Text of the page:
Any worries about Germany under coach Joachim Loew -- and there were some, about the lack of left backs to choose from, the lack of unity in the squad, and players like Mario Götze and Toni Kroos complaining in public about lack of playing time at Euro 2012 (and others, like Per Mertesacker, in private) -- were dissipated when the Nationalmannschaft brushed aside Ireland 6-1 in Dublin last Friday. Things looked even better when it stormed into a 4-0 lead against Sweden, playing some fantastic football and Mesut Ozil scoring his fourth in as many games.
But one goal that Sweden pulled back, a Zlatan Ibrahimovic header which should have been the consolation, sent panic throughout Germany's frail back line; soon 4-1 became 4-2, and 4-3, with 10 minutes left to play. Sweden was suddenly pouring forward, Germany wasting time. Rasmus Elm capped the mother of all comebacks with the last-minute leveller for a 4-4 draw that left even Swedish PM Fredrik Reinfeldt jumping out of his seat and punching the air in delight (he had been sitting next to German counterpart Angela Merkel).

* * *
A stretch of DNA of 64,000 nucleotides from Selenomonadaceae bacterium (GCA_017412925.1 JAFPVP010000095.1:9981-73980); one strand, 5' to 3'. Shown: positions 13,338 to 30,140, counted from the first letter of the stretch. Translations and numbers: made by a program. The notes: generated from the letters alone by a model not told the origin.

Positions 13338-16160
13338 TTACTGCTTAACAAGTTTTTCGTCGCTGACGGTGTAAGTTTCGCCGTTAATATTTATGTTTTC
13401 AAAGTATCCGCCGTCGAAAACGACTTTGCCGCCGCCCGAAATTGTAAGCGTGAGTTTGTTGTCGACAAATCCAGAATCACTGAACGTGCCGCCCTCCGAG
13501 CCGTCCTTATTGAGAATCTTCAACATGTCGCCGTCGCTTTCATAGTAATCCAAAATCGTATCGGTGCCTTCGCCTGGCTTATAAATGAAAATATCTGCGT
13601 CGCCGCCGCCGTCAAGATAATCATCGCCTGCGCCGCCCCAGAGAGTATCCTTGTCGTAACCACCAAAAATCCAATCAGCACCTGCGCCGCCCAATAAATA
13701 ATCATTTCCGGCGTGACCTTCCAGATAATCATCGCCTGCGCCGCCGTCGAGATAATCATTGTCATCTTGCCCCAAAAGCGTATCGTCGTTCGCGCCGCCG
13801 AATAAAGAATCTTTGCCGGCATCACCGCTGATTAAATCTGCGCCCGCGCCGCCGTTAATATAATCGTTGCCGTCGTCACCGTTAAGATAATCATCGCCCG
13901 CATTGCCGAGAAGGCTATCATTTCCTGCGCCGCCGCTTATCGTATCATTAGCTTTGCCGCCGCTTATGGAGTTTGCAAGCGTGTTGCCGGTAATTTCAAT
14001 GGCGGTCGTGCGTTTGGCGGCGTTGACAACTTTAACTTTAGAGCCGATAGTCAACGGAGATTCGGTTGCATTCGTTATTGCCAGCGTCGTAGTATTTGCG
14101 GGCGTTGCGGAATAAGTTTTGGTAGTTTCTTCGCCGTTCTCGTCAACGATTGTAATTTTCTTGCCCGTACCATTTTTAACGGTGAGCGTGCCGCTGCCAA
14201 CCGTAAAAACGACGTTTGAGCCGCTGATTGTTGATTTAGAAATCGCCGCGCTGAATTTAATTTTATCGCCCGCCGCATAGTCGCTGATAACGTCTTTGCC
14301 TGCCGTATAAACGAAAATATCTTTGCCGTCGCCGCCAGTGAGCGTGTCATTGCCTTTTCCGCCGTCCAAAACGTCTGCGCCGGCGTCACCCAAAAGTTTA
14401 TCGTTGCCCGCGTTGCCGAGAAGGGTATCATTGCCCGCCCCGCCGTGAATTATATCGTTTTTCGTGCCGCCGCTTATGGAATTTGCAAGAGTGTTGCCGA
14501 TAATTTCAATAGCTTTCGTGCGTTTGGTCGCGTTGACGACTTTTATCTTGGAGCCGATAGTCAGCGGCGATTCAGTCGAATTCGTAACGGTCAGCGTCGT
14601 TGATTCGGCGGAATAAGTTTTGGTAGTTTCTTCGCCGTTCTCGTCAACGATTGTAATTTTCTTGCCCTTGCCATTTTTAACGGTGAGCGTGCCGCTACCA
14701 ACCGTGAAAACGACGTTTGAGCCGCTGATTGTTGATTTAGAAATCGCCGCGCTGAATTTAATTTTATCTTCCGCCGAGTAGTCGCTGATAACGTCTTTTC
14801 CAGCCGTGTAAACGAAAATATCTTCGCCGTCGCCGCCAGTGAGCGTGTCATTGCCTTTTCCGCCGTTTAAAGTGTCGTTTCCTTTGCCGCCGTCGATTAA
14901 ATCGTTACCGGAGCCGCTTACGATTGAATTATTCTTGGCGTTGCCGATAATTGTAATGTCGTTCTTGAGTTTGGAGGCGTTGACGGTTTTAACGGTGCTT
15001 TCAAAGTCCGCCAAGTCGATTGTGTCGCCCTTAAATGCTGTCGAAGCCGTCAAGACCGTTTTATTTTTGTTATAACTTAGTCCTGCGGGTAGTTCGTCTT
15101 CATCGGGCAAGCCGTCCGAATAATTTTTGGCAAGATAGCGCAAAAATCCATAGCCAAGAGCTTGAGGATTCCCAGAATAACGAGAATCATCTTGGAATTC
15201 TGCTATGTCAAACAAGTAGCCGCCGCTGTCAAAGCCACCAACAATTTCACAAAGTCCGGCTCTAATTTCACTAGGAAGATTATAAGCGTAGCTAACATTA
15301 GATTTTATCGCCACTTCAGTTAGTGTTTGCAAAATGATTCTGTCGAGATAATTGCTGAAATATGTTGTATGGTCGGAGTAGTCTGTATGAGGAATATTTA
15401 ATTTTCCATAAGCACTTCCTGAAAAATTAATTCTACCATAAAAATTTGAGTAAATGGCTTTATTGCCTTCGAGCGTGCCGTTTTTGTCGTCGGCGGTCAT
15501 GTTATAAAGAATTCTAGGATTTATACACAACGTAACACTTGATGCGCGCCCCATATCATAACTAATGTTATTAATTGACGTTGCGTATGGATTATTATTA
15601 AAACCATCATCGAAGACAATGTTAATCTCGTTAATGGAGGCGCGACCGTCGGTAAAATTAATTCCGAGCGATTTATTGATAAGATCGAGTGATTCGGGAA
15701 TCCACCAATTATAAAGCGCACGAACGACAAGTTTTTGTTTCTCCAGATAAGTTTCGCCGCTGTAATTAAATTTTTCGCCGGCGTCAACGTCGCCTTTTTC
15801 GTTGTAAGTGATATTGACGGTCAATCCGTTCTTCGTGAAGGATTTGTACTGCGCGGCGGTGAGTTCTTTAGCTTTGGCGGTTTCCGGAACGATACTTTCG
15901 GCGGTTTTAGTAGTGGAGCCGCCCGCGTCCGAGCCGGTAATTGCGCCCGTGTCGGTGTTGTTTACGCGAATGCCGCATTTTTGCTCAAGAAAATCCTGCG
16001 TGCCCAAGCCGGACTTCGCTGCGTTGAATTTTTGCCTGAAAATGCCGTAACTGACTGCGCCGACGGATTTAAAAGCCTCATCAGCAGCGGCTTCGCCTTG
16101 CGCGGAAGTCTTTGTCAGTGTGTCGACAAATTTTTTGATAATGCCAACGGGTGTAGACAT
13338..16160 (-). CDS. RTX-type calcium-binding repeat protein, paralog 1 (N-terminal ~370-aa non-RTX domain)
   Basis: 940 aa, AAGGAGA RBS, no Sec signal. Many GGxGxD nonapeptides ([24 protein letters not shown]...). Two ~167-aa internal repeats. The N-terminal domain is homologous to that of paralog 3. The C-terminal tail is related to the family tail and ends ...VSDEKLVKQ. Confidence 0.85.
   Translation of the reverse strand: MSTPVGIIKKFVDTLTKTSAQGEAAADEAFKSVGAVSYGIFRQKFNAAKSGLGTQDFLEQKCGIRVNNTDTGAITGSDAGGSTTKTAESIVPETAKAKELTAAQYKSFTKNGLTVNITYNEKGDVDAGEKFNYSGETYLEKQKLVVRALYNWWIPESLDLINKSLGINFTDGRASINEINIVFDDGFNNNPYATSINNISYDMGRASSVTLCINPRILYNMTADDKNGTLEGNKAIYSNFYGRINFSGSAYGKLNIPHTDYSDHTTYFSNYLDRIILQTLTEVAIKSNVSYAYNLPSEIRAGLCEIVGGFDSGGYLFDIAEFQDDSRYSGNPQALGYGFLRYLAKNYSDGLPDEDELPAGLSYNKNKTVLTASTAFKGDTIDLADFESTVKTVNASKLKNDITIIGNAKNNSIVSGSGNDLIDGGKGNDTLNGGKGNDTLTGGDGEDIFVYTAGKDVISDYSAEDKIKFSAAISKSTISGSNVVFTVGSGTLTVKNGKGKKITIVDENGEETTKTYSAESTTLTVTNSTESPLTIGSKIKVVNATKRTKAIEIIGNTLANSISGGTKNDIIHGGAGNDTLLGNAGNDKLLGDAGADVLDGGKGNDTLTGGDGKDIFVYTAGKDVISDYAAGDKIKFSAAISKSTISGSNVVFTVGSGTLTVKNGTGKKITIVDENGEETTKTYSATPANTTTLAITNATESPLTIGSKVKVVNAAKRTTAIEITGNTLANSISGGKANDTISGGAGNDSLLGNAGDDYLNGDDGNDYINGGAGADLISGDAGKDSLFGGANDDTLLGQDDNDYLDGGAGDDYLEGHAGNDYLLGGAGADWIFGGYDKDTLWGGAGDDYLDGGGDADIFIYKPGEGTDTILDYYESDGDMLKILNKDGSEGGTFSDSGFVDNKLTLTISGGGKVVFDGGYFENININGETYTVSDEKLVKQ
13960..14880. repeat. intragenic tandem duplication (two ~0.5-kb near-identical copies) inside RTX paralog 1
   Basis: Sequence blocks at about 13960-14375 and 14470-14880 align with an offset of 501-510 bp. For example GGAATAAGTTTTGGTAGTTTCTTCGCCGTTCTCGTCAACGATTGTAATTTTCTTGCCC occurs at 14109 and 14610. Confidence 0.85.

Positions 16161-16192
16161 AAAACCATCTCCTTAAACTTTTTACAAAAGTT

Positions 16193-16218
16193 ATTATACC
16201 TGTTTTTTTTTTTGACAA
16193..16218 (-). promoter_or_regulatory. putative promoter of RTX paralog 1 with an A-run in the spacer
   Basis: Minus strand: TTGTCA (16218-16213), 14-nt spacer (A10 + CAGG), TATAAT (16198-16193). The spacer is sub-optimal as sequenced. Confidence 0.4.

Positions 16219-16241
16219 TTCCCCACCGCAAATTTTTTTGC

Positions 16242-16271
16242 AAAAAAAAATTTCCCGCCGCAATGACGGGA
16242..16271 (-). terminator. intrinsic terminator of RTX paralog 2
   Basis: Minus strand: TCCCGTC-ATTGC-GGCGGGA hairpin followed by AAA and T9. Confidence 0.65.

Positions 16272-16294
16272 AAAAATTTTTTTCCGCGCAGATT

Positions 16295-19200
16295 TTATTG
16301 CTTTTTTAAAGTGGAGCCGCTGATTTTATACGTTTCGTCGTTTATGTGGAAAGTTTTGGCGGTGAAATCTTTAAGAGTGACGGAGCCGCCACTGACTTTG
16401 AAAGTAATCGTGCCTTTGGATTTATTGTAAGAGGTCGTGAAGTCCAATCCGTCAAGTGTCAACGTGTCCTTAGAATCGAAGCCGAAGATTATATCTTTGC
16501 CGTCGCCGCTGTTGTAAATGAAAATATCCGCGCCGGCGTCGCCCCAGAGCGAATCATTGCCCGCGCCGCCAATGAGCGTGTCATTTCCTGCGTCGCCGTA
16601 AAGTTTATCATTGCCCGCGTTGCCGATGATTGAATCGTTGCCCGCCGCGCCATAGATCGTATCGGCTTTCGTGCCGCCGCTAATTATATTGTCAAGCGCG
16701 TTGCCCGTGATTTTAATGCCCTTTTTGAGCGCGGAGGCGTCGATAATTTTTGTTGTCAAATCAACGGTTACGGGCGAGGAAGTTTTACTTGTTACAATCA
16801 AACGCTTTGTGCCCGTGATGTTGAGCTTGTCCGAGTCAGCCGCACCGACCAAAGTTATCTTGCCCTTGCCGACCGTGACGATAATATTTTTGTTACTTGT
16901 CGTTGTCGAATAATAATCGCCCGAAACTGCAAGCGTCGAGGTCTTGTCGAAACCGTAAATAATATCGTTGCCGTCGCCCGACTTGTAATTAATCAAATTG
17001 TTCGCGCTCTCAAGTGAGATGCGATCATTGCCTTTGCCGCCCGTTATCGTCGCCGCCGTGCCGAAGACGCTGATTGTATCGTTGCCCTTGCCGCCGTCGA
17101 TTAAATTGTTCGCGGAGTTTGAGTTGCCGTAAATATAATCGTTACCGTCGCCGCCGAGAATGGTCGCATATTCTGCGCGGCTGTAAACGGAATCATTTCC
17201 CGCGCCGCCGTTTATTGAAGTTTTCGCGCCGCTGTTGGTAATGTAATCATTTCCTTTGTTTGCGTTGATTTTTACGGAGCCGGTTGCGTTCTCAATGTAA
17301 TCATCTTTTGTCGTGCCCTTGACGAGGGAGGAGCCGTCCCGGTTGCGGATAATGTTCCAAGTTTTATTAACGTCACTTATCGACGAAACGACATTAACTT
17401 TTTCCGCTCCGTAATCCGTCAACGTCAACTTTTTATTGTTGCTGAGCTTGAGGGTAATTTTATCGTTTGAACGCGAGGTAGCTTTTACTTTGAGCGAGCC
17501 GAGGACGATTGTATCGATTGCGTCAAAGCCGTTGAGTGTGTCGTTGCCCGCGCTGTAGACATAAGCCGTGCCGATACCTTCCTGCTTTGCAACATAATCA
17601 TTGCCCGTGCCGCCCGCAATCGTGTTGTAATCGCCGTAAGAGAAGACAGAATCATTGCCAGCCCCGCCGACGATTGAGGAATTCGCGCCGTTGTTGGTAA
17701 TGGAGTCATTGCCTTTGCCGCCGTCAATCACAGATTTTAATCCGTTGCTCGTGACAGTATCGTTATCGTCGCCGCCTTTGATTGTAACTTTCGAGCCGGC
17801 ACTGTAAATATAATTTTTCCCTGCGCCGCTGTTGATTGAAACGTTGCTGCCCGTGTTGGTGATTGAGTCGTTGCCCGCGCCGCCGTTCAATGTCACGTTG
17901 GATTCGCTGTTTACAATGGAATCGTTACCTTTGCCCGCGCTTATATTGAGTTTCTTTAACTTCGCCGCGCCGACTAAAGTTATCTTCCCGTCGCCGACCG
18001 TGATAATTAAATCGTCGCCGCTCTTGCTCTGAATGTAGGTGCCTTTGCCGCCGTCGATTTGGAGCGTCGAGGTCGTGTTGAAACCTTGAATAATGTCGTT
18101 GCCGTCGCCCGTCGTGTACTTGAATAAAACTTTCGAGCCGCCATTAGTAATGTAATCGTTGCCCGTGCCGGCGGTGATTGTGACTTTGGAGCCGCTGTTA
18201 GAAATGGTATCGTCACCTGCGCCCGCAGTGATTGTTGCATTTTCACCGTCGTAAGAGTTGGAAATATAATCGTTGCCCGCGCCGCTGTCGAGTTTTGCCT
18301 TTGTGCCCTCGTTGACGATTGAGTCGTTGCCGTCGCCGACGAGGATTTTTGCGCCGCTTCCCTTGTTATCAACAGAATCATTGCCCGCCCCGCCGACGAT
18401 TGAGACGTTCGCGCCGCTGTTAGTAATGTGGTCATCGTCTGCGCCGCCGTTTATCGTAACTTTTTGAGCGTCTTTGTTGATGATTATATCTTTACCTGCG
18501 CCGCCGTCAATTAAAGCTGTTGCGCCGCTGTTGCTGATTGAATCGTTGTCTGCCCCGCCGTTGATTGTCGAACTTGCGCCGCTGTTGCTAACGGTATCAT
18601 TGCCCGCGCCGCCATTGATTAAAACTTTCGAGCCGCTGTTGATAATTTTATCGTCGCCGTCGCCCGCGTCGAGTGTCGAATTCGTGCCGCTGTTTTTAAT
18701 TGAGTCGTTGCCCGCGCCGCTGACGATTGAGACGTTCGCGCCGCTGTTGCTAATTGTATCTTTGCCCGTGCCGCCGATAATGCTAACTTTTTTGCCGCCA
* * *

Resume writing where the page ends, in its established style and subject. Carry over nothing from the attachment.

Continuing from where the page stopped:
The German inquest will be a long and nervous one for Loew, who said after the game: "The atmosphere in the changing room is dead. The lads can't even speak. They are just lying there. Disbelief."
There may even be calls for him to step aside, not just because of this result but because after six years in the job, his natural time may be up.
"We'll sit down together and analyze everything," said stunned captain Philipp Lahm. "This just can't happen."
The quality in this Belgium squad is no secret: with 12 of its players owned by Premier League clubs, including the captains of champion Manchester City(Vincent Kompany) and Arsenal (Thomas Vermaelen) as well as this season's key players at Chelsea (Eden Hazard), Everton (Marouane Fellaini) and Tottenham Hotspur (Jan Vertonghen), there is talent everywhere.
The problem is producing at the right time, and that finally happened on Friday night. Faced with a tough game at Group A rivals Serbia, fresh from beating Wales 6-1, Belgium rode its luck early on before running out 3-0 winner. Two years ago, it might have lost that game.